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What I don't have photos of are the frogs that were out and about. I saw, very briefly, five frogs. Three were cricket frogs and two were southern leopards. None of the five wished to have its photo taken. Too bad.

Monday and Tuesday are supposed to be sunny, too -- we'll see. And of course, the weatherman predicts rain for Treebeard's birthday (known to most of you as New Year's Eve) and New Year's Day.


Tracks in the Sand

One last post about the river before we move on...

A sandy beach can be a great place to find tracks - or make some. This shot reminds me that I need to re-waterproof my boots ;)
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The river water itself can make some pretty tracks in the sand.
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The raccoon who made these tracks left a curious little alternating drag mark.
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At a couple of spots along the shoreline, there was evidence of an otter romp. Otters are always ready to party!
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But the oddest track of the day was this one. We saw it from a distance and had to get closer to investigate. What on earth left this mark in the sand?
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Turns out it was this little guy, a barnacled bit of driftwood.
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Down By The River

Life on the edge can be tough. Particularly for trees living along the shore of a coastal river...

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Wind and water conspire and take the ground right out from under them...

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Until one day there is not enough left to support life...

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But even as bare skeletons, there is beauty in trees.

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Photos taken along the Pamlico River in Beaufort Co., NC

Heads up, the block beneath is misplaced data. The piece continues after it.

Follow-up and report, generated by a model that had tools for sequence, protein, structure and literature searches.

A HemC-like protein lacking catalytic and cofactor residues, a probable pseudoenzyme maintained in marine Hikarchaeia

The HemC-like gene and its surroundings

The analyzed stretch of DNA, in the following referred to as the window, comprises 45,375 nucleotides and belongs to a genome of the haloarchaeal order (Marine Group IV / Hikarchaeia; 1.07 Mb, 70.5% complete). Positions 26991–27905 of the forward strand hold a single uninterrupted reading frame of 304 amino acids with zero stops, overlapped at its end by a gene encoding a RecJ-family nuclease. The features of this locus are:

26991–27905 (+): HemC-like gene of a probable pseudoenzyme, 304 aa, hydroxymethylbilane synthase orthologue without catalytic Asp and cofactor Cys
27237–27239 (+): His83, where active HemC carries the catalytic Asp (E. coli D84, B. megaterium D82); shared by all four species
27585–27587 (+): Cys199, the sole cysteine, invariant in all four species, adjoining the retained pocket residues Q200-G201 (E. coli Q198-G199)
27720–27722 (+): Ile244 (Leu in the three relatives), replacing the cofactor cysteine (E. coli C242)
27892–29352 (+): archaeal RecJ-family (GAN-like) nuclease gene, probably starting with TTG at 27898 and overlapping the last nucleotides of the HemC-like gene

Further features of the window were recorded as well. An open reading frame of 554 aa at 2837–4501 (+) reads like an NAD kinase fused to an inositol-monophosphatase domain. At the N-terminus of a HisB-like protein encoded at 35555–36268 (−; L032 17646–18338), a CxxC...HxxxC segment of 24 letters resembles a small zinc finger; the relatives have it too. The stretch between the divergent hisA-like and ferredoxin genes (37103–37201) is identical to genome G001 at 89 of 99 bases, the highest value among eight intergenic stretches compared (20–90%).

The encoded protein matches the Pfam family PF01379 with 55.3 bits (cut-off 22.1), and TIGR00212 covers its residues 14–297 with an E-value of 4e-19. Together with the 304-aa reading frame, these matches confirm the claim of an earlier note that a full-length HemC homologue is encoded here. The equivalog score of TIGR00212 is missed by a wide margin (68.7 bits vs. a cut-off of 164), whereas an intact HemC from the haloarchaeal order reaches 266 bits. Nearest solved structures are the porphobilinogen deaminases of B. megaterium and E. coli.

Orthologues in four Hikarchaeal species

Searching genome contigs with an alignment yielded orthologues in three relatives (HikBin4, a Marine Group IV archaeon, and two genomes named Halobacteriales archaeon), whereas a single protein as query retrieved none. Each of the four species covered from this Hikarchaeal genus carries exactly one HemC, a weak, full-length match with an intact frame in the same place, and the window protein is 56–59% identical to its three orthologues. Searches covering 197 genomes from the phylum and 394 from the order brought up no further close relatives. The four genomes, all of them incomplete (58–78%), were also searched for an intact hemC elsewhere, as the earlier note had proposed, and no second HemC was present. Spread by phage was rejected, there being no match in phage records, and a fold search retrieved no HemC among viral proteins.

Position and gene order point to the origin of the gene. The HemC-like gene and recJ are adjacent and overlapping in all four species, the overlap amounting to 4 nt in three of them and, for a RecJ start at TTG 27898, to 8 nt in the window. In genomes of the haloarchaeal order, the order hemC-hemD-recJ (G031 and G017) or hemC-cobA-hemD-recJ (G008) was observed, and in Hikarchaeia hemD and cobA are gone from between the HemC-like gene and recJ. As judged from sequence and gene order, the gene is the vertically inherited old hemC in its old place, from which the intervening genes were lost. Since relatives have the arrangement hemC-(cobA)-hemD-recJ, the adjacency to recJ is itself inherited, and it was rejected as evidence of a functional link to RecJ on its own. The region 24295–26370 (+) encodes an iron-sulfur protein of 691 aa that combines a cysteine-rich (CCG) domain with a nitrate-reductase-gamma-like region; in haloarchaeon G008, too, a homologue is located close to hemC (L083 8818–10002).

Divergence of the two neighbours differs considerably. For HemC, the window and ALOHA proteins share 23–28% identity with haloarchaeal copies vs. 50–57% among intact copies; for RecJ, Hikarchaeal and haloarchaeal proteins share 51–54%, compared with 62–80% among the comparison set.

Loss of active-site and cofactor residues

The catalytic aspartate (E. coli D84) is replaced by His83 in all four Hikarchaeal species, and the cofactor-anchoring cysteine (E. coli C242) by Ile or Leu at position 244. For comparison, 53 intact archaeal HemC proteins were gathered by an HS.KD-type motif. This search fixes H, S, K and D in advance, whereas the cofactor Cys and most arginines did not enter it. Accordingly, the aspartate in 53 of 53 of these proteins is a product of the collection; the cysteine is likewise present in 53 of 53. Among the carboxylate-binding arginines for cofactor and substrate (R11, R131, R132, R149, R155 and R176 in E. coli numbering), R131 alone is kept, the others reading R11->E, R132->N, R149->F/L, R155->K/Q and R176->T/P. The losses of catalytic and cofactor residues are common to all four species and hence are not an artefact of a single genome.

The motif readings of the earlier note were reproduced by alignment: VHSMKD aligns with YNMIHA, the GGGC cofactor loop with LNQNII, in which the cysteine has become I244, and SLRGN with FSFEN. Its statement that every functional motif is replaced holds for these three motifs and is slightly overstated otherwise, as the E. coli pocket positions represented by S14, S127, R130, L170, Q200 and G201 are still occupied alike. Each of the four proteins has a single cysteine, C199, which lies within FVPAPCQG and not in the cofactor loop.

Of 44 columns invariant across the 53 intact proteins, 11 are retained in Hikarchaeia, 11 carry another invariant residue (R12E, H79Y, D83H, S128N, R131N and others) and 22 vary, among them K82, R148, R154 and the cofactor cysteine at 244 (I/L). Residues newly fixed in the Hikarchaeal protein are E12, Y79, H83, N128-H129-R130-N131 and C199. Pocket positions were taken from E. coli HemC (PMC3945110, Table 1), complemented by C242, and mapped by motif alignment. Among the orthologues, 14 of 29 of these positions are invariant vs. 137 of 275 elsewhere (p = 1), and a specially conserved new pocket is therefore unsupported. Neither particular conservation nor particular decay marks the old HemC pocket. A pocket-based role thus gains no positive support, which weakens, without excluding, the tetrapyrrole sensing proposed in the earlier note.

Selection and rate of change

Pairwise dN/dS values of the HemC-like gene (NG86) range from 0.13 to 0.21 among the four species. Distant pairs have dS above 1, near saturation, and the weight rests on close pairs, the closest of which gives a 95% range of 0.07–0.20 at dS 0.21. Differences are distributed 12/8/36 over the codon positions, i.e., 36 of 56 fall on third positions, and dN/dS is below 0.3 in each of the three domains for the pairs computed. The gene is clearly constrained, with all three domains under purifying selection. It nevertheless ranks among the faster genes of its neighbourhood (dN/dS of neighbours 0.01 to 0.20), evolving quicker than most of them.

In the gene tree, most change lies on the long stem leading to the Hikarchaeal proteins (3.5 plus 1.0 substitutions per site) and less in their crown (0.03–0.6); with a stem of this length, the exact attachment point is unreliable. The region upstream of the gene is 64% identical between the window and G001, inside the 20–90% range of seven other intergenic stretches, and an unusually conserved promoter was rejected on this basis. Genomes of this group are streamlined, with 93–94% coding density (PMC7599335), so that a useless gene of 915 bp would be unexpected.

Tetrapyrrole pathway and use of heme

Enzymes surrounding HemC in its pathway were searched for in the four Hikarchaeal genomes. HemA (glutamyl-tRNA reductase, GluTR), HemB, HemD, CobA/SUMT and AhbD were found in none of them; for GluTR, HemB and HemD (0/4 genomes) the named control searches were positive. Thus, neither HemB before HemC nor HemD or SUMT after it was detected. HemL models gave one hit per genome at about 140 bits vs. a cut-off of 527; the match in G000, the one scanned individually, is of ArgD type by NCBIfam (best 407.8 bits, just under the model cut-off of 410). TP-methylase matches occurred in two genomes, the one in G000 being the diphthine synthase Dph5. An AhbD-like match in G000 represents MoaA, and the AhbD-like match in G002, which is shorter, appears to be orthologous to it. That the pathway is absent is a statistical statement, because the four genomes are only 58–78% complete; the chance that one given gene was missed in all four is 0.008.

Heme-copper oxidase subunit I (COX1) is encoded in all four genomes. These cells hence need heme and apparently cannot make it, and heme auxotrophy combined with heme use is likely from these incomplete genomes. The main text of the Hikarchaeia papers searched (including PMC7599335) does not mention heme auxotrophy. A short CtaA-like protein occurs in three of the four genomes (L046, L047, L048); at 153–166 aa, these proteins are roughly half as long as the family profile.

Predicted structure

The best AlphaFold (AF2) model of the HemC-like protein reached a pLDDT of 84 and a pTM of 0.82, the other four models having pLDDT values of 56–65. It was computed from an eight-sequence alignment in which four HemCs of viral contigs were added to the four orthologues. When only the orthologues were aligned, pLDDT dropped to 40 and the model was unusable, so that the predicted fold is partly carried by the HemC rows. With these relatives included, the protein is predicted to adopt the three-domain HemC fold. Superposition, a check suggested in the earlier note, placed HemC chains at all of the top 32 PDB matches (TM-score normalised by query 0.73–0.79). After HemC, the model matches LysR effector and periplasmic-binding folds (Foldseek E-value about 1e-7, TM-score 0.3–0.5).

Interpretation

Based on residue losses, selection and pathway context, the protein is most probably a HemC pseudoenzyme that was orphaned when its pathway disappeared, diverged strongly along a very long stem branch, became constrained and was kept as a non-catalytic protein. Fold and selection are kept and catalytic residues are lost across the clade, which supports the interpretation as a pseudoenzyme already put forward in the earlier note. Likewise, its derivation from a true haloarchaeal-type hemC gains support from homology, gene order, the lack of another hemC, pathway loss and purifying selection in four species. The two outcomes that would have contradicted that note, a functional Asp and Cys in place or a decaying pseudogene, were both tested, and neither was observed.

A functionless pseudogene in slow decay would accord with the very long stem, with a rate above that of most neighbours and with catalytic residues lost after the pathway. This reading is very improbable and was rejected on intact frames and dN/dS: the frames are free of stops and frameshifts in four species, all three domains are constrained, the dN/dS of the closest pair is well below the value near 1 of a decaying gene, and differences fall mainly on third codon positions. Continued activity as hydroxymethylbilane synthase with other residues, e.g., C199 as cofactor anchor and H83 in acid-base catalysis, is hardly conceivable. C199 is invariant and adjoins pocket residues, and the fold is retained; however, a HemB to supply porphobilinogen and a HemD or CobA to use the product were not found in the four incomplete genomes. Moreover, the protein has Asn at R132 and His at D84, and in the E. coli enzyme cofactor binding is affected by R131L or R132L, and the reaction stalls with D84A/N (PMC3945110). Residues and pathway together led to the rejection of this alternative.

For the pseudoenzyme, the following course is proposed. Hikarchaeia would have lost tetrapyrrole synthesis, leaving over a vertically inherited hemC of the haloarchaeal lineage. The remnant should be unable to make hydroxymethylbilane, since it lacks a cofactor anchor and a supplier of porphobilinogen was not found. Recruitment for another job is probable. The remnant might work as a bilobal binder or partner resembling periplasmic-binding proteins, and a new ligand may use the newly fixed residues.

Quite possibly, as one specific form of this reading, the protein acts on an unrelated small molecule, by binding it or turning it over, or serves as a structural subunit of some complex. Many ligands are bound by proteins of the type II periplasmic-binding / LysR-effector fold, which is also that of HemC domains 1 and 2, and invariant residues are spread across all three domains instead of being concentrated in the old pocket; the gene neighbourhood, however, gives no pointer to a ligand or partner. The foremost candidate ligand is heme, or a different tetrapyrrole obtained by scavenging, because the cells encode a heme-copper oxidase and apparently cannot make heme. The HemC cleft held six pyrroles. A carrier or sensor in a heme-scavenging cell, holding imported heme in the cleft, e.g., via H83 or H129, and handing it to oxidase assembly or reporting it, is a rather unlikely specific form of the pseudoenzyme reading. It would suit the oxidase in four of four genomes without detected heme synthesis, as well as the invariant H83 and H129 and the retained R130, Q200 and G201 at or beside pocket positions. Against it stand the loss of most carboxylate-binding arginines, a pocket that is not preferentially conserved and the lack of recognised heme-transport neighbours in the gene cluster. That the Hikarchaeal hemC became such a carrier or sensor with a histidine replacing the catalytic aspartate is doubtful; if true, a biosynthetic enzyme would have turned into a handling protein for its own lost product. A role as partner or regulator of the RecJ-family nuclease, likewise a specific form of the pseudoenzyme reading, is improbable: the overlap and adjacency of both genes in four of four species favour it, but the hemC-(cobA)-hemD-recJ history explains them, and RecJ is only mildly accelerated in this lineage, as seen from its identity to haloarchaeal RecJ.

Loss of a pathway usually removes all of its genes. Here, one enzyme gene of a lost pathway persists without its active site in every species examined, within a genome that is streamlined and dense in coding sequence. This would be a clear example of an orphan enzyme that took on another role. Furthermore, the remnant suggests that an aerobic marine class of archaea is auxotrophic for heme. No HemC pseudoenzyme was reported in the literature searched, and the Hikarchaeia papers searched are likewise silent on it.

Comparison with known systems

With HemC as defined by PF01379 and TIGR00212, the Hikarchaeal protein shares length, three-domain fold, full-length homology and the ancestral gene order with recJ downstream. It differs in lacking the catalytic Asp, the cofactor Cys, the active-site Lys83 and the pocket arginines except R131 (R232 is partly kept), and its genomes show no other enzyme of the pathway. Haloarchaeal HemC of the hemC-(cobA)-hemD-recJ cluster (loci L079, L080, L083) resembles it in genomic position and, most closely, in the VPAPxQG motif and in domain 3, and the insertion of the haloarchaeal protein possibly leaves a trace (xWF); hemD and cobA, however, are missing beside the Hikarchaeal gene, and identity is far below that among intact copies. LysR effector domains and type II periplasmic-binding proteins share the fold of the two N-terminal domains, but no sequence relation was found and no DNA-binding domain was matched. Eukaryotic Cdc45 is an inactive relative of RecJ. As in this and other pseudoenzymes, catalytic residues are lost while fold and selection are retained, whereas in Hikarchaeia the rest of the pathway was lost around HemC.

Solstice '09

Treebeard and I usually celebrate the Winter Solstice with an oyster roast. This year we decided to build our fire and eat our oysters in the afternoon rather than wait for nightfall so we could incorporate our solstice bird count into the celebration.

A half-bushel of NC oysters waiting for the coals.

The fire is hot and the coals are forming as the bricks heat up.

Treebeard put the heated fire brick between the ground and the bottom of the grill to help keep the coals uniformly hot. He shoveled in the coals, put some oysters on the grill and then covered them with a wet sack.

A few minutes later, we were shucking and eating. This one had a prize inside! It's a little crab that was sharing the oyster's shell.
Yes, we ate the whole half-bushel. That's only a peck apiece ;)

For dessert (a couple of hours later) we roasted marshmallows over the fire.
I also roasted the souls of my shoes, but we won't go into that ;)
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For those who are interested, here's our bird list for the yard today. We noted what we heard or saw from about 11 a.m. to 4:30 p.m. We got 29 species:

Turkey vulture
Black vulture
Pileated woodpecker
Red-bellied woodpecker
Red-headed woodpecker
Northern flicker
White-breasted nuthatch
Pine warbler
Chipping sparrow
Song sparrow
Swamp sparrow
Field sparrow
American crow
American robin
Northern cardinal
Eastern phoebe
Great blue heron
American goldfinch
Red-shouldered hawk
Carolina chickadee
Carolina wren
Ruby-crowned kinglet
Yellow-rumped warbler
Wood duck
Tufted titmouse
Hermit thrush
Bald eagle
White-throated sparrow
Dark-eyed junco